Somalia's Al Shabaab militant group warns of revenge attacks against Kenya


Kenyan security forces comb through scrub land near Liboi, Kenya's border town with Somalia on October 15, 2011 during a search for two Spanish aid workers kidnapped from Kenya's Dadaab refugee camp thought to be hidden in the area and now believed to be in lawless Somalia. Kenyan forces will pursue gunmen accused of a spate of kidnappings of foreigners across the two nations' border, the internal security minister said.



JOHANNESBURG, South Africa — Somalia's feared militant group Al Shabaab has threatened revenge attacks against Kenya for sending troops into the country in pursuit of extremists who are said to have kidnapped foreigners.

Al Shabaab spokesman Ali Mohamud Rage told reporters Monday that Kenya's "skyscrapers will be destroyed, your tourism will disappear" because of Kenyan troops entering Somalia, the Associated Press reports.

"You have to see what happened to the other aggressors, like [Uganda President Yoweri] Museveni and his country when they invaded us. We hit them in their country," Rage said, referring to suicide bombings in Kampala, Uganda, during the July 2010 soccer World Cup final, which killed 76 people.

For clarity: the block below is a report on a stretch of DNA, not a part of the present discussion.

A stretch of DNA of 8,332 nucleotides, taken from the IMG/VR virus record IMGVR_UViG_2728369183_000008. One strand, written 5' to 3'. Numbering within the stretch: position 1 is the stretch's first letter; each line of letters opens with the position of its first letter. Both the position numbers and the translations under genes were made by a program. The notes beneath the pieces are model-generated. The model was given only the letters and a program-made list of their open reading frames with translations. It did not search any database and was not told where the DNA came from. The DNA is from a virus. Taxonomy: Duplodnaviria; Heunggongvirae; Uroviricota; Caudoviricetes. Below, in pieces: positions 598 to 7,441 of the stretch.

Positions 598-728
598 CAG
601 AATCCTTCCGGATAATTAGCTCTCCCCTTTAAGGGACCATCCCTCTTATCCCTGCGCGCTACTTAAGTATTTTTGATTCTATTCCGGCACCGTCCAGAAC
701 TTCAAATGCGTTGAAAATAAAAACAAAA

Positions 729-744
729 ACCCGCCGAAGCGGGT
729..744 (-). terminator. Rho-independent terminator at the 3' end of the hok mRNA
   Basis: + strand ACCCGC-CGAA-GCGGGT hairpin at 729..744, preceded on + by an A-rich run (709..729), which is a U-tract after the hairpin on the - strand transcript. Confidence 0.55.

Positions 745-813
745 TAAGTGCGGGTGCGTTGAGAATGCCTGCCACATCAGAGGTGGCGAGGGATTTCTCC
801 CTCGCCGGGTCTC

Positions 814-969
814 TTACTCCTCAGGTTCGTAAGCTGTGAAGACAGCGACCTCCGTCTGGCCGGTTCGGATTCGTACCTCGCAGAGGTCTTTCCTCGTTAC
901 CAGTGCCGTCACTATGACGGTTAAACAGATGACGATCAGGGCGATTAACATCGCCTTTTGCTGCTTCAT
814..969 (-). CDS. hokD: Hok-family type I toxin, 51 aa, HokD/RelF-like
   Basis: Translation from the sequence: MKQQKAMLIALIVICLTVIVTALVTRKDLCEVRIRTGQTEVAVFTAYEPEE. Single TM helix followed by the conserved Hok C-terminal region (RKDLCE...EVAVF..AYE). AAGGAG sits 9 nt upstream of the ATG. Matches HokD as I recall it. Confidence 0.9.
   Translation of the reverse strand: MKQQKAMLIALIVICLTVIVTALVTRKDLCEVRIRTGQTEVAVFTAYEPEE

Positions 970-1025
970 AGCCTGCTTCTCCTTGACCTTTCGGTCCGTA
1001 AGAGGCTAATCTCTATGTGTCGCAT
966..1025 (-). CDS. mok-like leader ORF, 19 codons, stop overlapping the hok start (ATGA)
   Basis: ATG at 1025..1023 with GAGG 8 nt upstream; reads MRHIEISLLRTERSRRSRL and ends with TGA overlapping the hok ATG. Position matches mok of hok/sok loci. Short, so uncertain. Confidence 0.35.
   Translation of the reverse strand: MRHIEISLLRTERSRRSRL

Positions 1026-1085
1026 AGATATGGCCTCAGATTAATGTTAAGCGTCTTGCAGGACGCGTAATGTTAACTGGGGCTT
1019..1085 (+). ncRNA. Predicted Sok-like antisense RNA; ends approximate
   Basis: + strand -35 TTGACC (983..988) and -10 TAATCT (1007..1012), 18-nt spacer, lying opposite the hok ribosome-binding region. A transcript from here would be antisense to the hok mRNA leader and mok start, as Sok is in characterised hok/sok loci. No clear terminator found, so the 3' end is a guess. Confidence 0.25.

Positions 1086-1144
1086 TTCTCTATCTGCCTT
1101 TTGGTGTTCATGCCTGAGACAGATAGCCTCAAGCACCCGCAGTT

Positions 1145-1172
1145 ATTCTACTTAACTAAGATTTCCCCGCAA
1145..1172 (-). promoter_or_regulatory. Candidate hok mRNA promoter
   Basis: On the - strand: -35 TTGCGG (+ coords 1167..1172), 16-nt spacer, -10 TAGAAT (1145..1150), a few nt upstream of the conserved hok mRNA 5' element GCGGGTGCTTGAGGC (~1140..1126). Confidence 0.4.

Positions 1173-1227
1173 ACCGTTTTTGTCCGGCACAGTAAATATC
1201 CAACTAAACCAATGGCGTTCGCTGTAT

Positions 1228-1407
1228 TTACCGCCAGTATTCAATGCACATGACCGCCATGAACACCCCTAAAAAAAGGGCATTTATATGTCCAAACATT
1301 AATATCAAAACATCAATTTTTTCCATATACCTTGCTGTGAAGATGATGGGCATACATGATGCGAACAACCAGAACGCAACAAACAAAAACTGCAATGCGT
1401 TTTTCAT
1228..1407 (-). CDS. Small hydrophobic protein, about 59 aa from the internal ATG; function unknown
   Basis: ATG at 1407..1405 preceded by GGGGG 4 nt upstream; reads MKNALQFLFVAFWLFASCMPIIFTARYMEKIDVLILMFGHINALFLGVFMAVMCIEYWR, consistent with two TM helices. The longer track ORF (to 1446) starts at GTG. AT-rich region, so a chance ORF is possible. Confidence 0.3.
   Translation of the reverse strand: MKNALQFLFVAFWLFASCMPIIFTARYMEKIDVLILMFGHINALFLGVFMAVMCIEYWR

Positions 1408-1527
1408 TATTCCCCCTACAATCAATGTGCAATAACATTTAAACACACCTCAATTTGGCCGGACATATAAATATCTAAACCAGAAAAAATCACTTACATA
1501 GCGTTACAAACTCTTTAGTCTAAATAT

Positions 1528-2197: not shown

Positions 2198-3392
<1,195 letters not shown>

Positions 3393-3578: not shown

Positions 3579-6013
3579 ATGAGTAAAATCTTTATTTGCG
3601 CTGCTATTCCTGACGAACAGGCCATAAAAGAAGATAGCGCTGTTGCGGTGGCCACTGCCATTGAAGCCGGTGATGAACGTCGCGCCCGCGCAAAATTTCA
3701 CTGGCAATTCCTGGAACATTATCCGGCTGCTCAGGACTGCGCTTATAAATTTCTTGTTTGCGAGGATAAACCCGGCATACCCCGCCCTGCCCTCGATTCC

Kenya says it is defending itself after a spate of kidnappings by Al Shabaab militants, including the recent kidnapping of two Spanish women working for Medecins Sans Frontieres (MSF) at Dadaab, a sprawling camp for Somali refugees in Kenya.

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There have also been recent attacks on foreign tourists near the historic town of Lamu, on the coast of northeastern Kenya.

Kenya's foreign minister on Sunday sent troops into Somalia to target Al Shabaab. There have been reports of Kenyan tanks, armored vehicles and military helicopters spotted within Somalia's borders.

More from GlobalPost: Kenya pursues suspected Islamic extremists in Somalia (VIDEO)

Al Shabaab in a statement denied involvement in the kidnappings of tourists and aid workers, and warned of revenge attacks, Kenyan newspaper The Daily Nation reports. The Al Qaeda-linked group said that "allegations put forward by the Kenyan authorities with regard to the recent kidnappings are, at best, unfounded," according to the newspaper.

If Kenya continues its military operations in Somalia, the lives of  thousands of Kenyans will be in danger, Al Shabaab warned.

"The bloody battles that will ensue as a result of this incursion will most likely disrupt the social equilibrium and imperil the lives of hundreds of thousands of civilians, and with war consequently comes a significant loss of lives, instability, destruction to the local economy and a critical lack of security," the group said, according to the Daily Nation.